Re: Simple little basic config questions
On Thu, Oct 30, 2003 at 06:30:14AM -0500, Haines Brown wrote:
> Colin Watson wrote:
> > No, I think if you had actually started X as root then you certainly
> > would have an appropriate $DISPLAY. The issue is not really rootness,
> > it's that $DISPLAY is set in the environment of the X session which is
> > run as the user who started X, and .Xauthority is in the home directory
> > of the user who started X, and it's quite easy to lose all that when
> > changing users. 'sux' is not a workaround, it's a valid solution.
> I notice that .Xauthority in /root has zero size. If it is going to
> authenticate root for the x server, I should think there would be
> something in it.
root did not start X, and so it isn't authenticated. I'm not actually
sure what creates the zero-length .Xauthority file: I've got an empty
/root/.Xauthority too. I'd imagine, though, that 'sux' will fill it in
using 'xauth merge'.
> When you say "changing users," do you refer to logging in as user and
> then running "su - root"?
> I assume virtually everyone does this regularly and successfully, and
> so I assume my inability to do it is a sign that I need to do a fix.
See my other message just a moment ago, please. 'su - root' is just
wrong if you expect to run X programs; it deliberately loses $DISPLAY,
and doesn't properly handle X cookies. Perhaps other systems have
special hacks to make it work (it wouldn't surprise me if they did), but
in general it doesn't work on Unix systems, and doesn't work on Debian.
However, 'su - root' is fine if you're just doing regular command-line
administration. (I'd use 'sudo' because I prefer to run commands only
one at a time as root rather than starting an interactive root shell,
but to each their own.)
> For years I didn't "loose all that", but could "su - root" as I
> needed. I still don't know whether my system's busted or if it is me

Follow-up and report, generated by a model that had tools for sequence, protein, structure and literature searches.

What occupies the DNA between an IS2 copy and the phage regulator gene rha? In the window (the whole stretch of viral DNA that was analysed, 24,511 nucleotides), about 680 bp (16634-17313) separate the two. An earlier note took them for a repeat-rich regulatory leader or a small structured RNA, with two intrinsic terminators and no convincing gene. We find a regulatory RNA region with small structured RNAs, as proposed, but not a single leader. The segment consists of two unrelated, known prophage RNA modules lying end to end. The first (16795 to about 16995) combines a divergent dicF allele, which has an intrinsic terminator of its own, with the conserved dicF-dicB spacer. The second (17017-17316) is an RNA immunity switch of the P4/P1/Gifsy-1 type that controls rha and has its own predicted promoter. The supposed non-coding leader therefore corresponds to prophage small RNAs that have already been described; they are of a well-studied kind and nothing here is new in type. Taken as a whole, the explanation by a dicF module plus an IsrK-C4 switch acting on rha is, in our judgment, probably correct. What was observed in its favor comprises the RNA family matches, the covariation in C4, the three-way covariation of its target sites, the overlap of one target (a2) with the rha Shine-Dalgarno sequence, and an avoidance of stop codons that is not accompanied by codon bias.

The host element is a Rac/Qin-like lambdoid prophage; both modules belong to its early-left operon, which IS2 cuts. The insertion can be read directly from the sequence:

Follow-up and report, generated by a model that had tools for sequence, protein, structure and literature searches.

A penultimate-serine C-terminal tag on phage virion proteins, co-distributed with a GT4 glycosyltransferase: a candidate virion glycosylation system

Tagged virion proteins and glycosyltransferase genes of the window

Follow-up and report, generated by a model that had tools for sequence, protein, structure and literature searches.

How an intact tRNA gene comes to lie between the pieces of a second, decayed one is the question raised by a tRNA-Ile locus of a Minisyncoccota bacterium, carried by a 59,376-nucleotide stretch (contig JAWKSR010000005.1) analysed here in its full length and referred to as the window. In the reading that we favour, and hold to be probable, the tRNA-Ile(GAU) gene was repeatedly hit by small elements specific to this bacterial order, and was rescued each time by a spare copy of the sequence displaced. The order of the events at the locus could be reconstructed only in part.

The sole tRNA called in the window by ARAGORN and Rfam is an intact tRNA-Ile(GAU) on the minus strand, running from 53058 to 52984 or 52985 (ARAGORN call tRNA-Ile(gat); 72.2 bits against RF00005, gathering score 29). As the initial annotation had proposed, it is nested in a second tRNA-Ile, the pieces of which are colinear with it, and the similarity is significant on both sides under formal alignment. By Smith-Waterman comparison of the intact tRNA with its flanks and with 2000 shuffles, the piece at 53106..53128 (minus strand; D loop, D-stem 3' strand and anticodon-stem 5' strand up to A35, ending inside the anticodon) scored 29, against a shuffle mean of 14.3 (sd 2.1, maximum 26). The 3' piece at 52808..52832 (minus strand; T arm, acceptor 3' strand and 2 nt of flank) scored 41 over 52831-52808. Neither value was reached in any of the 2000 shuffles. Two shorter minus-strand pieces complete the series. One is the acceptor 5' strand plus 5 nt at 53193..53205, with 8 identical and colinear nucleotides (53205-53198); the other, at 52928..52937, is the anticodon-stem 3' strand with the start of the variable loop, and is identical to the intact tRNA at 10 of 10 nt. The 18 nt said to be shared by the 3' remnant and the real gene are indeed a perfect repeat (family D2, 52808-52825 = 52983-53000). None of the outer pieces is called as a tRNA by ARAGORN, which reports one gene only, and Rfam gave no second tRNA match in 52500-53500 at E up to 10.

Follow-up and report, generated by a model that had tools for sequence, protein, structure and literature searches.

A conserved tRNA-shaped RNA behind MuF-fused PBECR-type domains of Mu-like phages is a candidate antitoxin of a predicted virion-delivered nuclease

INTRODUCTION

> ;-) That is, is "loosing all that" a natural occurance or a flaw in my
It is a natural occurrence.
> I presume every debian user who is both user and administrator of his
> machine (probably the majority) will occasionally want to su to become
> root (I assume everyone does that regularly). Certainly they all don't
> have Sux installed.
I become root occasionally, but I almost never run X programs as root,
so no, this isn't an issue for me. I assume (and sincerely hope) that
this is the common case.
> I appreciate that one does not want to run as root, but I do it when
> installing a new system or retreat to it when user's account ceases to
Using the root account for administration is fine, but I only ever use
command-line tools for administration. The X libraries are huge and have
had at least their fair share of security holes; I think privileged use
of them is unwise.
(It's still possible to write graphical administration tools that run
the graphical parts as an ordinary user and spawn small helper programs
to make changes that require root privileges, and if I were writing such
tools that's definitely the way I'd do it.)
Anyway, this is all normal. Your Debian installation is fine.
Colin Watson [email@example.com]